Under Aung San Suu Kyi’s government, Maung Weik won a major development project that included the construction of houses, restaurants, hospitals, economic zones, a port, and hotel zones in Myanmar’s central Mandalay region.

He was reportedly interrogated by the army two weeks after its takeover, and shortly after that, in March 2021, military-controlled state television broadcast a video in which he claimed to have given cash payoffs to government ministers to help his businesses.

He said in his video that the money included $100,000 provided to Aung San Suu Kyi in 2018 for a charitable foundation named after her mother, and another $450,000 in payments in 2019 and 2020 for purposes he did not specify.

A state-controlled newspaper, the Global New Light of Myanmar, reported in February that Aung San Suu Kyi in her position as state counselor — the country’s de facto chief executive — received $550,000 in four installments in 2019-2020 “to facilitate the business activities of a private entrepreneur.”

Aung San Suu Kyi’s close colleague, Zaw Myint Maung, who served as a chief minister in the Mandalay region, was separately accused of receiving more than $180,000 from Maung Weik and was convicted of corruption in June.

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Wednesday’s verdict sentencing Aung San Suu Kyi to two three-year sentences to be served concurrently was conveyed by a legal official who insisted on anonymity for fear of being punished by the authorities.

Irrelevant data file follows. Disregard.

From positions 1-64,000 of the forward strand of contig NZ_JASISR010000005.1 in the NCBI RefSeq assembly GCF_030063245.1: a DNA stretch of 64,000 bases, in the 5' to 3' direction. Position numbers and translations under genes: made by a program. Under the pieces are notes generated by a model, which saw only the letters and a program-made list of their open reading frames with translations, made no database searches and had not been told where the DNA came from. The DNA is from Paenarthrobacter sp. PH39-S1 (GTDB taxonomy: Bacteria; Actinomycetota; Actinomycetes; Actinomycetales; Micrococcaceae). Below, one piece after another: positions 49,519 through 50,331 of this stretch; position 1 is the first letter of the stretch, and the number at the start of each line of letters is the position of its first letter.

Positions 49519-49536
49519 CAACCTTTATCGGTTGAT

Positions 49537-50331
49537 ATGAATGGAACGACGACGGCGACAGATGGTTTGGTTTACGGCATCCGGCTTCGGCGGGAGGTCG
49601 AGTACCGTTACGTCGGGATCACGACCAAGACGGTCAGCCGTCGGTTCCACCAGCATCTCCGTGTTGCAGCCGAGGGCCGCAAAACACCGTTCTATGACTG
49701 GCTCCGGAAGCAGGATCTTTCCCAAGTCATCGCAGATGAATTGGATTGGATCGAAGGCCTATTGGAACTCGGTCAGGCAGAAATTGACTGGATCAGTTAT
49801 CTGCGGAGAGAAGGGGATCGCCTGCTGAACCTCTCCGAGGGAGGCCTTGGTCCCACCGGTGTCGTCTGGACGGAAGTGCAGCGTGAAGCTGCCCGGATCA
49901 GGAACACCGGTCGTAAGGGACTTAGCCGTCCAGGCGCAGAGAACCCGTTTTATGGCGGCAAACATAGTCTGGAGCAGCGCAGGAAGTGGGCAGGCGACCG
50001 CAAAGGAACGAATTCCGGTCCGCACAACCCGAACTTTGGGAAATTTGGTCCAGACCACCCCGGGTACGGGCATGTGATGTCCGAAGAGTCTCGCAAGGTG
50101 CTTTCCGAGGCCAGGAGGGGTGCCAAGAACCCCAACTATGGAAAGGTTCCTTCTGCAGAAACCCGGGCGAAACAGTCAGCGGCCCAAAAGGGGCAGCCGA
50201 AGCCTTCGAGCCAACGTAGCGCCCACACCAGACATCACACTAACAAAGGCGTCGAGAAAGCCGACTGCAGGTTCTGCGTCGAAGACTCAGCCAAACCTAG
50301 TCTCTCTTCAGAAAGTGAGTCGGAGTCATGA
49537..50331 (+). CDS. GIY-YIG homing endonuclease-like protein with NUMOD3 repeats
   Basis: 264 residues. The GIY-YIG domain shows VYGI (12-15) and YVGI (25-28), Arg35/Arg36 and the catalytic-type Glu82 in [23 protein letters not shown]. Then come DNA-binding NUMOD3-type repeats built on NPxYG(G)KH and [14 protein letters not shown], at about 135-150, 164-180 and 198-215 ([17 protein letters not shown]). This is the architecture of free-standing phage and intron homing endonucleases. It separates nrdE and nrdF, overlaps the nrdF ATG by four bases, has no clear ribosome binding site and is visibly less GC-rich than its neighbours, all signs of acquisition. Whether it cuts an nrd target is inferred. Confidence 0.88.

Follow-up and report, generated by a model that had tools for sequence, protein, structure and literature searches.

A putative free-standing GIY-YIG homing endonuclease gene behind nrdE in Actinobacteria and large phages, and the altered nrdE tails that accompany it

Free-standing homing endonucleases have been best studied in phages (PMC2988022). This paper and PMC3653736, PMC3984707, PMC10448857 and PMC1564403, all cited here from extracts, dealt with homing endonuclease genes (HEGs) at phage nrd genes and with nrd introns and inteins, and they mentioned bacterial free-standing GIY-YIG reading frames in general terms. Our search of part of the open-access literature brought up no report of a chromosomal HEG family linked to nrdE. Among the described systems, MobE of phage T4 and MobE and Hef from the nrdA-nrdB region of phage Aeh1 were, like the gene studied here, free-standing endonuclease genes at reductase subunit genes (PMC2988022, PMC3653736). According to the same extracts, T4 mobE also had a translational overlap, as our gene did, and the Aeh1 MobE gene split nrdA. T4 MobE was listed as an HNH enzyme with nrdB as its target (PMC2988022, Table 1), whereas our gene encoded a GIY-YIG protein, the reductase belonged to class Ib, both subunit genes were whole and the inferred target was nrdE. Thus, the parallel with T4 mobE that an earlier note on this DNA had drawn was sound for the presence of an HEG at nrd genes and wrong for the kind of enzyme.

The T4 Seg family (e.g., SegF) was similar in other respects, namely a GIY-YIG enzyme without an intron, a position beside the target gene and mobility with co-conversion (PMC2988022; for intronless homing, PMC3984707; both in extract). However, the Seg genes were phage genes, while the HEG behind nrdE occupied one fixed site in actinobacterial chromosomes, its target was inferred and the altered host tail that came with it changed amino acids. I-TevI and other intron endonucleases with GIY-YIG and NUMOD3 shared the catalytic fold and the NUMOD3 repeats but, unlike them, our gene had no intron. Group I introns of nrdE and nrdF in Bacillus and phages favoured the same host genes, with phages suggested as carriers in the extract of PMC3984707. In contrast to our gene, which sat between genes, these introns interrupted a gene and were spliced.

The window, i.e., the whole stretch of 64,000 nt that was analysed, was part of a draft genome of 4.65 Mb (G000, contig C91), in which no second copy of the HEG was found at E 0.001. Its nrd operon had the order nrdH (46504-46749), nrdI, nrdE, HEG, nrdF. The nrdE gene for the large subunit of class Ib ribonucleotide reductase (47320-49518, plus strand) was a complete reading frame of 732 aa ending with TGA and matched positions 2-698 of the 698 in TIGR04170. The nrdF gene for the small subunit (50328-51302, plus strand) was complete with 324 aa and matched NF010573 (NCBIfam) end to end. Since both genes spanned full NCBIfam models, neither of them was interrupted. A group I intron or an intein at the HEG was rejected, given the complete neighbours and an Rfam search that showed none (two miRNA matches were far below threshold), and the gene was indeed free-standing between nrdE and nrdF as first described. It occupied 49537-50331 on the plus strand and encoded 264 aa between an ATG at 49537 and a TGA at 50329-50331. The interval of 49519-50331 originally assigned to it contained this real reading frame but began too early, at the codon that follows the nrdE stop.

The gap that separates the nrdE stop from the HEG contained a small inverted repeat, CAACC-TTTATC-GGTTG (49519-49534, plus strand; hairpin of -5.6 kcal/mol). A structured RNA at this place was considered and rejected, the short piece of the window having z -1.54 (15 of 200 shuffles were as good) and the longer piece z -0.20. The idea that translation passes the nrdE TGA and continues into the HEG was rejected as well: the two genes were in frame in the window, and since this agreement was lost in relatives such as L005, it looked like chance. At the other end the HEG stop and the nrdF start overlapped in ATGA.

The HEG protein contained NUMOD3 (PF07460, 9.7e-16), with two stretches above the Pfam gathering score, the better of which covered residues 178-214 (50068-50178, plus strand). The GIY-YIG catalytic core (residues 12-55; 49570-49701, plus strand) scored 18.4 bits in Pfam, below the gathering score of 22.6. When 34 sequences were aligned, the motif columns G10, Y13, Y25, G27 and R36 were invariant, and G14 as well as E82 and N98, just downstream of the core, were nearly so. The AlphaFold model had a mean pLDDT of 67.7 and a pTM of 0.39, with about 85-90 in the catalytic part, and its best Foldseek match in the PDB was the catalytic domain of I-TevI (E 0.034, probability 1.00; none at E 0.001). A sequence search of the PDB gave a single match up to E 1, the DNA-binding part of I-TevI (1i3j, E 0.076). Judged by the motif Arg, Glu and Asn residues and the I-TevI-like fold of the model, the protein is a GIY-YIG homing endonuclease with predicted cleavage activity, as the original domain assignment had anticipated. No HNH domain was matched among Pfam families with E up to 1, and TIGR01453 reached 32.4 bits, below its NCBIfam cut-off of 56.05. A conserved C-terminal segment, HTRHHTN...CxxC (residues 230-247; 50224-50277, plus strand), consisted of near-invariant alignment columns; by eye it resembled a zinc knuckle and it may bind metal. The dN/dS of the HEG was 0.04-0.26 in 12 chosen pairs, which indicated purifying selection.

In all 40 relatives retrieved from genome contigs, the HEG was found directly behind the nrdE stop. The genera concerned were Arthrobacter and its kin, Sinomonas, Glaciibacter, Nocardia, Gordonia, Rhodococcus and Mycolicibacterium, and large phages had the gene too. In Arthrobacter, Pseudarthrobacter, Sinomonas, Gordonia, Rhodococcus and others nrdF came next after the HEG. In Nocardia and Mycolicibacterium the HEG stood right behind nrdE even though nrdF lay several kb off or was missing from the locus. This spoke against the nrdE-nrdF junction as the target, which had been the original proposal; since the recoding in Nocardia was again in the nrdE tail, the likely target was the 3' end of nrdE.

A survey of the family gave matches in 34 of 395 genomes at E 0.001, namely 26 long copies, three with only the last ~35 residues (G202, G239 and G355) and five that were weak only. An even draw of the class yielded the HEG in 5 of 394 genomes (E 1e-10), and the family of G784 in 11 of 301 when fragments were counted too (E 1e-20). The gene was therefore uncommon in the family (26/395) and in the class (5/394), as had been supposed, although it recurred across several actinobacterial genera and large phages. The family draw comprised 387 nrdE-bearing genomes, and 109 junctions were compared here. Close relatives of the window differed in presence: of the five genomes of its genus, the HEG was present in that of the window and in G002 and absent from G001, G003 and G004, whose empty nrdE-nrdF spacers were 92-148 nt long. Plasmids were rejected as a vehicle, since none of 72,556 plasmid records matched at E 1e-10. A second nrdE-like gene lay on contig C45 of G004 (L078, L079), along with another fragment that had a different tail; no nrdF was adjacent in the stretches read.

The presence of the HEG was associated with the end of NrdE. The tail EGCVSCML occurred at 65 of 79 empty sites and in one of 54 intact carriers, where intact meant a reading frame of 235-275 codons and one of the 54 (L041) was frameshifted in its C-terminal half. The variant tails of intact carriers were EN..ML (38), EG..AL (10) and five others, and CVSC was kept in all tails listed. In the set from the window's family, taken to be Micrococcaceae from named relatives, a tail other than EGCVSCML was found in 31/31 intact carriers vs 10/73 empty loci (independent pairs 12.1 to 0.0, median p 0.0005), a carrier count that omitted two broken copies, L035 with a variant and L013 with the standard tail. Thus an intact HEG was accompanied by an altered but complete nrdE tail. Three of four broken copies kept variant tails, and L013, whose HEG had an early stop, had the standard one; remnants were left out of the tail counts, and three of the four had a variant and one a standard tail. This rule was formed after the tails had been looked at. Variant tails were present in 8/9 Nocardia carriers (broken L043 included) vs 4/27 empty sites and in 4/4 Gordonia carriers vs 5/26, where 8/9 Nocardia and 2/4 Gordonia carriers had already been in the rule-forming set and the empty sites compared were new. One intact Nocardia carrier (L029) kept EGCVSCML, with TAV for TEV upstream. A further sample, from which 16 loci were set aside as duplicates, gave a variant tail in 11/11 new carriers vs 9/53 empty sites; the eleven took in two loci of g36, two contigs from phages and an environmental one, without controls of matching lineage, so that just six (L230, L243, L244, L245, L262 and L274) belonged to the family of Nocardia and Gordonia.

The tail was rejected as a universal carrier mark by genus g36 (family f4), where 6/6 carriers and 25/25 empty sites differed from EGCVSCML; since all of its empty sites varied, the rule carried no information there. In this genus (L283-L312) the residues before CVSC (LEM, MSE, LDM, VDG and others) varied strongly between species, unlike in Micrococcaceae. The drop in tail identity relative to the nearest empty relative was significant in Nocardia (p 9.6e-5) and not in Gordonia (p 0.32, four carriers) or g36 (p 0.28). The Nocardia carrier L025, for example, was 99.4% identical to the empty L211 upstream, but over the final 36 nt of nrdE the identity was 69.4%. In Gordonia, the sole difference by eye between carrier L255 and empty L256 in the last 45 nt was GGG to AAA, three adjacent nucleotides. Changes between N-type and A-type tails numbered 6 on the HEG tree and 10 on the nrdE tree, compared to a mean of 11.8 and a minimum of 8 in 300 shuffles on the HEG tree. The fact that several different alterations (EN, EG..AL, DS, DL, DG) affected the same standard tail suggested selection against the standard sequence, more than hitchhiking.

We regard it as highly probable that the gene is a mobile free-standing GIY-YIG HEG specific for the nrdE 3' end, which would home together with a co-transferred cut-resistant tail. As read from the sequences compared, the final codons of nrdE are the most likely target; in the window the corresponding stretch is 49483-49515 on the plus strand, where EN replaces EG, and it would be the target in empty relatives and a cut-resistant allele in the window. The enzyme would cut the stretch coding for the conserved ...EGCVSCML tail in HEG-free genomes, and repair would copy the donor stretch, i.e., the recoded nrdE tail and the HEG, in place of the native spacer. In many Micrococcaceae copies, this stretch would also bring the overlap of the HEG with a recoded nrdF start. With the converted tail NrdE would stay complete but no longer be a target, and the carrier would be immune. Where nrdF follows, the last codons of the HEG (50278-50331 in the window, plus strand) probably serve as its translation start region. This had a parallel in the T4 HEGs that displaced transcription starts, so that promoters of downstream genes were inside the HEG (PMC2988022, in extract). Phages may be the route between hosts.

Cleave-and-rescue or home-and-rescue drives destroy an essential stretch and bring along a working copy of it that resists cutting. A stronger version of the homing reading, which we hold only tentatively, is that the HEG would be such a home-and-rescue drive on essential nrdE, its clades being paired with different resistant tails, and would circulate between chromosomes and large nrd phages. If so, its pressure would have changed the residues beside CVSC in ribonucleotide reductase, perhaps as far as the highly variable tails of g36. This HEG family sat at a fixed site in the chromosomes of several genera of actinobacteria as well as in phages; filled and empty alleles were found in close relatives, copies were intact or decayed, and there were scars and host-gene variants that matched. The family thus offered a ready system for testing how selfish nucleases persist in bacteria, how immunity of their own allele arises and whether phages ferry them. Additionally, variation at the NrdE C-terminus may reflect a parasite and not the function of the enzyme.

He added that her lawyers are expected to file an appeal in the coming days.

In separate proceedings, Aung San Suu Kyi is still being tried together with the country’s former president, Win Myint, on another five corruption charges in connection with permits granted to a Cabinet minister for the rental and purchase of a helicopter.

Aung San Suu Kyi has been the face of the opposition to military rule in Myanmar for more than three decades. The previous military government put her under house arrest in 1989, which continued on-and-off for 15 of the next 22 years.

Her National League for Democracy party initially came to power after winning the 2015 general election, ushering in a true civilian government for the first time since a 1962 military coup. However, democratic reforms were small and slow in coming, largely because the military retained substantial power and influence under the terms of a constitution it had enacted in 2008.

The National League for Democracy won a landslide victory again in the 2020 election, but its lawmakers were kept from taking their seats in Parliament by the army, which also arrested the party’s top leaders.

The army said it acted because there had been massive voting fraud in the 2020 election, but independent election observers did not find any major irregularities.

The 2021 takeover was met by nationwide peaceful protests that security forces quashed with deadly force, triggering fierce armed resistance that some U.N. experts now characterize as civil war.

According to a detailed list compiled by the Assistance Association for Political Prisoners, a watchdog group now based in Thailand, Myanmar security forces have killed at least 2,343 civilians and arrested 15,821.